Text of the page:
Let’s spare a thought from Pakistan’s perspective as well. They will have to win it through their bowling. However, it’s the inadequacy of their batting that makes me wonder if they can win. Their bench is not likely throw a batsman who can take care of their woes. They can surely hope that a Younis/Misbah does an Inzamam. But then, Pakistan team hasn’t really every performed up to the predictions. They, usually, write their own destiny, a minute at a time.

However, there is a very disturbing reality to “what happens if Pakistan defeats India”. For one, India not playing the finals would mean a likely 70%+ reduction in the potential revenue from the final (for various parties), just as India playing the finals would maybe increase the currently projected revenues by 20% (these are educated guesses). The producers and directors will have to set the IPL pre and post-production work in full speed right away. Dhoni will have to request Jharkhand Govt. to increase the protection levels for his family. Sachin will be heartbroken. And a nation full of zealots will look for a new religion.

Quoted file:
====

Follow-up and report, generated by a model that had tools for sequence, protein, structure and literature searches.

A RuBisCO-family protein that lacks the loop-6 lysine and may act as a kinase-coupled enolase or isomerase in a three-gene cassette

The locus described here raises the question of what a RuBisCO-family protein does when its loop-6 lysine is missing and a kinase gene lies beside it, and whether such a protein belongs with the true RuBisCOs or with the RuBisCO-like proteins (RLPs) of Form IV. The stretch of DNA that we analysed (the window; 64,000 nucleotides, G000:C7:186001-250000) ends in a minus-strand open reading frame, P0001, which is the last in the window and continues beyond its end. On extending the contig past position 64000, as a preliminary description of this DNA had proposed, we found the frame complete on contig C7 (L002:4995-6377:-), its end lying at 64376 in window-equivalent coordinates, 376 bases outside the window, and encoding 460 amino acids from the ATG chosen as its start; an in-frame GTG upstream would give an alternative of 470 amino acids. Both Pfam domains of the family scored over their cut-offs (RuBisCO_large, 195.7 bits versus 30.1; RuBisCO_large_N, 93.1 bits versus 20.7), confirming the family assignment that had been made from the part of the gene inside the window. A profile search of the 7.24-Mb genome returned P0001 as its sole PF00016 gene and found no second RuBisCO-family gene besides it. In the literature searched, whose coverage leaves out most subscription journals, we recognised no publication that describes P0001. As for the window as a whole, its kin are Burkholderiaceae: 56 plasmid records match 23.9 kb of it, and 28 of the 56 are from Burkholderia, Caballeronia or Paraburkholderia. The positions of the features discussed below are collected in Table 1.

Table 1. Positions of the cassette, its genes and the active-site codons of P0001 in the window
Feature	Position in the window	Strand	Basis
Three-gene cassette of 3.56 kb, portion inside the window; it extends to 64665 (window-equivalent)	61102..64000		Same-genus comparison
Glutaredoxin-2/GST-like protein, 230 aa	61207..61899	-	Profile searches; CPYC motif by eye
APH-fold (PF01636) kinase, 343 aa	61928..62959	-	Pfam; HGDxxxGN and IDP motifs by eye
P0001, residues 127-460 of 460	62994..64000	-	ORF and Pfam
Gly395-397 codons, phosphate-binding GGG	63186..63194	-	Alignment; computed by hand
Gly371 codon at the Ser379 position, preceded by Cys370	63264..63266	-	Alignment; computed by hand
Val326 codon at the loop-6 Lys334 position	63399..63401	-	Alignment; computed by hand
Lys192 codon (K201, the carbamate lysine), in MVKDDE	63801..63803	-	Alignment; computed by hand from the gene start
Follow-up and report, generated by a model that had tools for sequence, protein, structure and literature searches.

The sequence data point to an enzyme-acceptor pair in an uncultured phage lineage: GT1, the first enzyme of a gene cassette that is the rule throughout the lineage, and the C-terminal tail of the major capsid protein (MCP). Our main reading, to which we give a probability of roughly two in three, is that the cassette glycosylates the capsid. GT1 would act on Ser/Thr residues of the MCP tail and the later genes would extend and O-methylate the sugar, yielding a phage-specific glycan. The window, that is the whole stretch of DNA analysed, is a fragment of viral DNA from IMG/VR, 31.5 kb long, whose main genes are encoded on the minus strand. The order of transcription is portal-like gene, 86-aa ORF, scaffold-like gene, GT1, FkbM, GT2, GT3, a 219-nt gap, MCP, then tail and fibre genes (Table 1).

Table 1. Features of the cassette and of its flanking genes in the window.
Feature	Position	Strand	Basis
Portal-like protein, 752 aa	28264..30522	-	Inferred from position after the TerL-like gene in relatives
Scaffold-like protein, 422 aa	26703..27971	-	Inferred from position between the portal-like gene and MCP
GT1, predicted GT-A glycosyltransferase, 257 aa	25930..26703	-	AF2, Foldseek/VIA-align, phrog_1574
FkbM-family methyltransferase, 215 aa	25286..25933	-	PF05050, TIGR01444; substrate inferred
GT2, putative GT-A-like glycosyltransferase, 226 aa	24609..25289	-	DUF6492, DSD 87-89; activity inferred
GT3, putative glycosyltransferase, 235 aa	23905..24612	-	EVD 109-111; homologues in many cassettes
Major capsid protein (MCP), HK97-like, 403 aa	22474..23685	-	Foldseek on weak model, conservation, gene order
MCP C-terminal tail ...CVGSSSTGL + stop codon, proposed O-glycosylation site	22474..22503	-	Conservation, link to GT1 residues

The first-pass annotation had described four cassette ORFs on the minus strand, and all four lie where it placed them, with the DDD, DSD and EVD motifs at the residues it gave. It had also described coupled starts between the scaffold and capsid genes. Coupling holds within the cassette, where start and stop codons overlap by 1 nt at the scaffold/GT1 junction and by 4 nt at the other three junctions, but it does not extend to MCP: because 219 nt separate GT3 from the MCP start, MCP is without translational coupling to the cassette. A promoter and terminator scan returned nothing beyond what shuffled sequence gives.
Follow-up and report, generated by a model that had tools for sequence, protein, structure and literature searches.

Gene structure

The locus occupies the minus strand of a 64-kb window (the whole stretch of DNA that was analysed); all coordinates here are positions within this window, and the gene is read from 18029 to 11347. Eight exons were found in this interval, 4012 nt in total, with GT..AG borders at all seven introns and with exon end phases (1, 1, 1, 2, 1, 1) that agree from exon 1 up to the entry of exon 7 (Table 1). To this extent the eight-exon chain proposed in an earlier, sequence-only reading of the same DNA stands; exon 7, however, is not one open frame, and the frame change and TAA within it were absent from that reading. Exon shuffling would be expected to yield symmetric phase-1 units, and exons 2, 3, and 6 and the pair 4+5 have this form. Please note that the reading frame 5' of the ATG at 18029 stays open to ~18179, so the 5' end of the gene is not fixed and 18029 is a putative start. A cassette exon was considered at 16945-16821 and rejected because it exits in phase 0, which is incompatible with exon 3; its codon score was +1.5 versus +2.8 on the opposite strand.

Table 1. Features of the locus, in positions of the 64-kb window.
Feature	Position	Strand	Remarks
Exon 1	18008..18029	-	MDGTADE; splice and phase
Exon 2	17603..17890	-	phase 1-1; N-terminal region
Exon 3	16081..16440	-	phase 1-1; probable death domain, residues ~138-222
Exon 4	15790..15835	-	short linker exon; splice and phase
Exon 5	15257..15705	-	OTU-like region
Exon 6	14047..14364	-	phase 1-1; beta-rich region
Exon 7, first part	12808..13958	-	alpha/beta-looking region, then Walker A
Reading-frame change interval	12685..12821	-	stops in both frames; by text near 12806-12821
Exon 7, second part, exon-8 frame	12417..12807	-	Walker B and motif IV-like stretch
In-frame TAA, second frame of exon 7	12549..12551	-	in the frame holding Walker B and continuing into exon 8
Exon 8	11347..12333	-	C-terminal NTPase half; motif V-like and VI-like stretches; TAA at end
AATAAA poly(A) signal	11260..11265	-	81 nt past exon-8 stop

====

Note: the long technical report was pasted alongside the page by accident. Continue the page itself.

Eleventh Hour googly:Eleventh Man

One of my big arguments before today’s semifinal between SL and NZ was that tomorrow’s 11th man toss-up for India should be between Sreesanth and Chawla. No Munaf, No Nehra. If SL win, India should play Sreesanth, and if NZ wins, India should play Chawla. Now that SL has won it, Sree it is!

Let’s look at SL – they have largely been clinical so far. Except when they lost to Pak. That was also the only occasion none of their top four scored a half century. They did get exposed against NZ this time as well. Let’s face it – SL have a below average middle order (). Moreover, they have four pure bowlers who can hardly bat. So, the recipe to defeat SL is easy to understand and difficult to implement. Get 3 of their top 4 back cheaply.